Friday, April 30, 2010

A stitch in time

Working at an international aid organization, the aftermath of the Haiti earthquake has been interesting to watch.

People are riveted by suffering. Months after the quake, people are still calling to donate for that specific purpose. I gently try to steer them to a general donation. "We've raised all the money we can responsibly spend in the next 5 years. At this point, donations are really more needed in other parts of the world." This is not what they want to hear.

Haiti got $1.55 billion in aid just now, largely because it was on the news. Darfur (remember Darfur?) is not on TV. Nor is Congo. Nor is Pakistan. Nor are millions of poor people around the world whose daily lives are a disaster.

I thought this was the most brilliant thing I've ever seen on aid: Prevent Disasters

I hear people say on the phone, "I saw how bad it was, and I wanted to do something." I'm glad that they're moved to help. But Haiti needed help long before the earthquake. It wouldn't have been so awful there if people had decent housing to begin with. People need help all over the globe, and they will need it tomorrow and the day after tomorrow. Not just when they're on the news.

Monday, April 19, 2010

The good life

It's always interesting to find more names that exist for things you were already doing. This week I discovered two new ones:

Radical Homemakers
Reclaiming domesticity from a consumer culture

Urban Homesteaders
Sustainability, economy, pleasure

I was recently at a party where people were talking about their jobs and what they do for fun outside their jobs (running, music, etc). When asked, I felt kind of dumb answering, "I like keeping house."

But I do enjoy it. I always thought I would make a good 19th-century farmwife, except I didn't want the isolation of living on a farm. But even in a small urban apartment, I find it satisfying to do things myself. Keeping house wouldn't be an occupation if we ordered take-out or bought pre-made food. If we dropped our laundry off from somone else to wash and dry, or even if we used the dryers downstairs. If we hired other people to clean our space. If we bought all our clothes and furniture new instead of adapting things other people don't want. To some people these are all chores, but to me they're (usually) small pleasures.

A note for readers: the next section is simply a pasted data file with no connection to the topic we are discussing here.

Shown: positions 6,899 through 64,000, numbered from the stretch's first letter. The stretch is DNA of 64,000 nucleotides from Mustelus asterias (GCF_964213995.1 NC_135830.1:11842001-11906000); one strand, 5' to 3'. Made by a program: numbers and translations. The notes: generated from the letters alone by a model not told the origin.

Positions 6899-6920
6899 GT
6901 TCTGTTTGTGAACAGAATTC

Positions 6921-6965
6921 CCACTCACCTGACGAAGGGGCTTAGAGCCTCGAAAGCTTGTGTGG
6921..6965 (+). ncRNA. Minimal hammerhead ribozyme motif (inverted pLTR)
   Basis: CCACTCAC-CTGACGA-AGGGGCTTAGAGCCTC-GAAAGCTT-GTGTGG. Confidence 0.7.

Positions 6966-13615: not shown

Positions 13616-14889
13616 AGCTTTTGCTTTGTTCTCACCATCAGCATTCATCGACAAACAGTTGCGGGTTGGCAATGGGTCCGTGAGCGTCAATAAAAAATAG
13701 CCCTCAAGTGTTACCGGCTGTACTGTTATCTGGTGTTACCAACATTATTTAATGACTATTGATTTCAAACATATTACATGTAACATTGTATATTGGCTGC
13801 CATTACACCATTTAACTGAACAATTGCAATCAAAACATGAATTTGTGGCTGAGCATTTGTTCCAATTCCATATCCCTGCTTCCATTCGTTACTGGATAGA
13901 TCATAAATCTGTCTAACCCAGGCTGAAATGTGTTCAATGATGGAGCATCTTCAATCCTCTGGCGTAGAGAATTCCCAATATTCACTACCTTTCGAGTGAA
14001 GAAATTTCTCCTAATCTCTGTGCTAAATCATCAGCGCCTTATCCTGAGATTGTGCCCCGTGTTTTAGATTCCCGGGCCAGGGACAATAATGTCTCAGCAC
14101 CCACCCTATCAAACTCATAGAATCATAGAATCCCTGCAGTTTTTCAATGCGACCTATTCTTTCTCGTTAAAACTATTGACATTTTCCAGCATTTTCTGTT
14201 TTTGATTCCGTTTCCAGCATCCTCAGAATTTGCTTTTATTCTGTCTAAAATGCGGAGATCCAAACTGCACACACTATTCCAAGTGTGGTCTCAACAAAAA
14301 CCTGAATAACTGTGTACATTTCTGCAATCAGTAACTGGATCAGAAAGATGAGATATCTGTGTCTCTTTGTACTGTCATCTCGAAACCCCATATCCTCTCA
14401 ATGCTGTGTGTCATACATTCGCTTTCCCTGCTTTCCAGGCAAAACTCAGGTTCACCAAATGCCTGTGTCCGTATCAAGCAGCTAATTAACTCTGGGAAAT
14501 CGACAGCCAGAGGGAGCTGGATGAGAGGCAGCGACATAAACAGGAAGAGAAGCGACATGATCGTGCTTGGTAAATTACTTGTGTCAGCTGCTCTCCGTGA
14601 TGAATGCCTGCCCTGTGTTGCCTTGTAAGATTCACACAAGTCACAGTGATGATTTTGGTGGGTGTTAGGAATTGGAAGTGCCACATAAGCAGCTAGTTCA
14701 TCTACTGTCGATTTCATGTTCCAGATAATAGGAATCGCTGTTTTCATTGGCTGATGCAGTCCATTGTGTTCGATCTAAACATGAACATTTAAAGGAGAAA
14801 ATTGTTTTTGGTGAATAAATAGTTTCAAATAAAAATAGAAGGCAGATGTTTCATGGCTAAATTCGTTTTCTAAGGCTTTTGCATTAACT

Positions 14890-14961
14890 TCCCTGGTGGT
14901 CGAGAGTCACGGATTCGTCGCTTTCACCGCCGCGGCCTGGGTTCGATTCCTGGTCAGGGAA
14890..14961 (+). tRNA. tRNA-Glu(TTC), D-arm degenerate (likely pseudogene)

This week I took a sick day, but wasn't too ill to get stuff done around the house. I moved the furniture, cleaned everything from the baseboards to the inside of the microwave, painted a dresser, made a birdfeeder, baked bread, watched a movie, and planted lettuce and swiss chard in windowboxes. It was the best day ever.

I don't want to quit my job and raise chickens full-time. I think I owe the world better service than that. But I would like to take a day every two weeks or so just to . . . keep house.

Saturday, April 03, 2010

The rhythm of the week

I'm fascinated by the ways household work has changed over time. Today I had a laundry revelation.

I've never done laundry without a washing machine, but for the last five years or so I haven't used a dryer. In summer you can do the whole operation in a day, but in winter, the routine is more like:
Day 1: Get home from work, put laundry in machine. Put on your coat and hang the laundry on lines outside. Laundry freezes.
Day 2: Laundry slowly dries, going straight from solid to gas.
(If snowing or raining, insert more days here.)
Day 3: Take the laundry in.

I just realized the reason for ordering the days of the week Monday: wash day, Tuesday: ironing day, etc, ending in Saturday: baking day and Sunday: day of rest. Baking is something you want to do right before you need it, so the bread is fresh. (At the Orthodox Jewish preschool where my mother worked, all the other teachers left on Fridays at noon to get their baking and cooking done before sunset.) But laundry is unpredictable. If you want clean clothes for church and can't work on the sabbath, you'd better start your laundry well in advance.

There's an English song about it:
'Twas on a Monday morning
When I beheld my darling
She looked so neat and charming
In every high degree
She looked so neat and nimble-o
A-washing of her linen-o
Dashing away with the smoothing iron
Dashing away with the smoothing iron
She stole my heart away.

It continues with hanging her linen on Tuesday, starching it on Wednesday, etc. until on Sunday she's finally a-wearing of her linen-o. This has always begged two questions: Where was she going so fast with that smoothing iron? And what was she wearing the rest of the week? No wonder he found her so charming!